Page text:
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October 15, 2004

Oregon gives Blakely broad reading

As I have detailed here, I see an essential offense/offender distinction at the heart of the jury trial right. And earlier this week, a New Jersey appellate court in NJ v. Abdullah, 2004 WL 2281236 (N.J. Super. A.D. Oct. 12, 2004), relied on an offense/offender distinction to limit the reach of Blakely (details here).

But this idea has not carried the day on the other side of the country: an Oregon appellate court has now turned back a similar argument in State v. Warren, 2004 Ore. App. LEXIS 1305 (Or. App. Oct. 13, 2004), when considering Blakely's applicability to the state's dangerous offender sentencing scheme. Here is the Warren court's explanation of the offense/offender argument and the court's rejection of it:

[T]he state argues that, consistently with Apprendi, a fact that results in the enhancement of a defendant's sentence beyond the prescribed statutory maximum for a class of crime must be found by a jury only when that fact pertains to the manner of commission of the crime at issue, not when it "serves merely to characterize the defendant." The state reasons that, by recognizing an exception for facts relating to a defendant's prior convictions, the Apprendi Court implicitly recognized that other facts characterizing the defendant himself or herself, as opposed to facts pertaining to the commission of the crime at issue, also need not be found by a jury. According to the state, the Court's failure to mention any other types of facts that are not subject to a jury determination is of no significance because even the fact of a defendant's prior convictions was not at issue in Apprendi and the Court's mention of that type of fact was therefore mere dictum....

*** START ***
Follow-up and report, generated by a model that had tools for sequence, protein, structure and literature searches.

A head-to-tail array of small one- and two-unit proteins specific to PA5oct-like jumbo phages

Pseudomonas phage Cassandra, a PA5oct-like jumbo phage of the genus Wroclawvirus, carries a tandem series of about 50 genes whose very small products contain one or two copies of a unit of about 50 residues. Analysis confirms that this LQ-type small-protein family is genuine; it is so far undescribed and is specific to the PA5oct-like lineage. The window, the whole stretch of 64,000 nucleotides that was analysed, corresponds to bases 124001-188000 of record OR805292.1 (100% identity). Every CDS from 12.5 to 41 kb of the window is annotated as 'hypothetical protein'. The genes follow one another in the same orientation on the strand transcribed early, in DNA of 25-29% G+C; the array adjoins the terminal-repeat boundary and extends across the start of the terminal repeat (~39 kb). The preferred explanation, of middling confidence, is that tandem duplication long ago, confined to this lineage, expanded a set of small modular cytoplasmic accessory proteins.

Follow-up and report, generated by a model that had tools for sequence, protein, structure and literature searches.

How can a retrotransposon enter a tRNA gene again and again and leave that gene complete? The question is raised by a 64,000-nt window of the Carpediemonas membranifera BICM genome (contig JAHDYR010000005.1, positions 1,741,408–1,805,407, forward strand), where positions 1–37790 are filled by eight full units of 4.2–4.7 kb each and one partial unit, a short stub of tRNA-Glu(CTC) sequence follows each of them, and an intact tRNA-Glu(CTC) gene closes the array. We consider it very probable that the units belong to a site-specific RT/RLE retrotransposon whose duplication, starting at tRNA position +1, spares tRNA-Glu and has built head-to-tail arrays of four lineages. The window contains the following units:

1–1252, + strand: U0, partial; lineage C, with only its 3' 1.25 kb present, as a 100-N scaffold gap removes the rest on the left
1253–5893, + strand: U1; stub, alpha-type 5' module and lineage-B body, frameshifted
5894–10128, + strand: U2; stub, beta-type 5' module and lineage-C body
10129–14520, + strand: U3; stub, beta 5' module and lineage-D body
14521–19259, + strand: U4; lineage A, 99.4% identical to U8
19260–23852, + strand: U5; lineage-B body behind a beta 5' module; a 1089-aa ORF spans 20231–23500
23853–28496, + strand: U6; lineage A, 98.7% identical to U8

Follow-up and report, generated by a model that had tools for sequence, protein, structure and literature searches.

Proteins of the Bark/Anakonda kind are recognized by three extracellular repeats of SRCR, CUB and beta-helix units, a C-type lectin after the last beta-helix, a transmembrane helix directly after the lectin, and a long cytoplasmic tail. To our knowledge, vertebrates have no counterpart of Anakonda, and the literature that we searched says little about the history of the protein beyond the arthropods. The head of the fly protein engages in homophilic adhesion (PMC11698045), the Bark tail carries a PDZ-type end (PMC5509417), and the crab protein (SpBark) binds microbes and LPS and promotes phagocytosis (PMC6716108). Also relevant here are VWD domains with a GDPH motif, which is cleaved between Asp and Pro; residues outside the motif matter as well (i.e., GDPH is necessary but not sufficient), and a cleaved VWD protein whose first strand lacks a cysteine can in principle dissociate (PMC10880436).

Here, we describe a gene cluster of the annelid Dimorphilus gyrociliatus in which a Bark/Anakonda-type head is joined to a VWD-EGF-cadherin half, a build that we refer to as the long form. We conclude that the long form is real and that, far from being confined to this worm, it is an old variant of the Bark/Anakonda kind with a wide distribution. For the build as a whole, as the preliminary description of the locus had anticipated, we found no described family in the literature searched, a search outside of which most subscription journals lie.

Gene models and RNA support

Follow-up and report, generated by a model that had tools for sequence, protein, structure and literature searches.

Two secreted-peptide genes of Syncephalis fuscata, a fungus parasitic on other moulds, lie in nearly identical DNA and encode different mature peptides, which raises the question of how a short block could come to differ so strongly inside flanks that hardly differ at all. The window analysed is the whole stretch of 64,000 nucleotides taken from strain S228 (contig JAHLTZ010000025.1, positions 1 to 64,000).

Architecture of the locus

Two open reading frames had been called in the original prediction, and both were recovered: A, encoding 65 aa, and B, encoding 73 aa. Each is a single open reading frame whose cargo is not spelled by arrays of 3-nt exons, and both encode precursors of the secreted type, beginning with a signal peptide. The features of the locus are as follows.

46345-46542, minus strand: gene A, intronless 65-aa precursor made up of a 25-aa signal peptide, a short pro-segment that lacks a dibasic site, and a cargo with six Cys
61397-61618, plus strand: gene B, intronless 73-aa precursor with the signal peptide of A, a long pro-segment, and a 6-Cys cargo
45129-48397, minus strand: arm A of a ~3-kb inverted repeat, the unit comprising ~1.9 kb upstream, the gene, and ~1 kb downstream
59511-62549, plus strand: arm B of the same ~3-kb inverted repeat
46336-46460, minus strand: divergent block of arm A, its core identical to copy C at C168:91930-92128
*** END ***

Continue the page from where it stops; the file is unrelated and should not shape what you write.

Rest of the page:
We disagree with the state's characterization of Apprendi. The Court made clear in that case that the relevant distinction relates, not to the type of fact at issue, but to the consequence of finding it, namely, whether or not such a finding results in a sentence beyond the prescribed statutory maximum for the offense found by the jury. The Court established as a matter of general principle that any fact that has the consequence of enhancing a prescribed statutory sentence constitutes, in effect, an element of an aggravated offense and therefore must be pleaded and proved. The Court then recognized an exception for one type of fact — a defendant's prior convictions — that may have that result. It explained, however, that such a fact need not be pleaded and proved only because it already has been subjected to a previous determination by a jury. In other words, the basis for the exception from the general rule is procedural, not substantive. Indeed, Blakely itself characterizes the principle regarding sentencing factors that the Court established in Apprendi as a "bright-line rule." Accordingly, the state's proposed substantive category of "facts characterizing the defendant" is irreconcilable with Apprendi.

October 15, 2004 at 02:51 AM | Permalink

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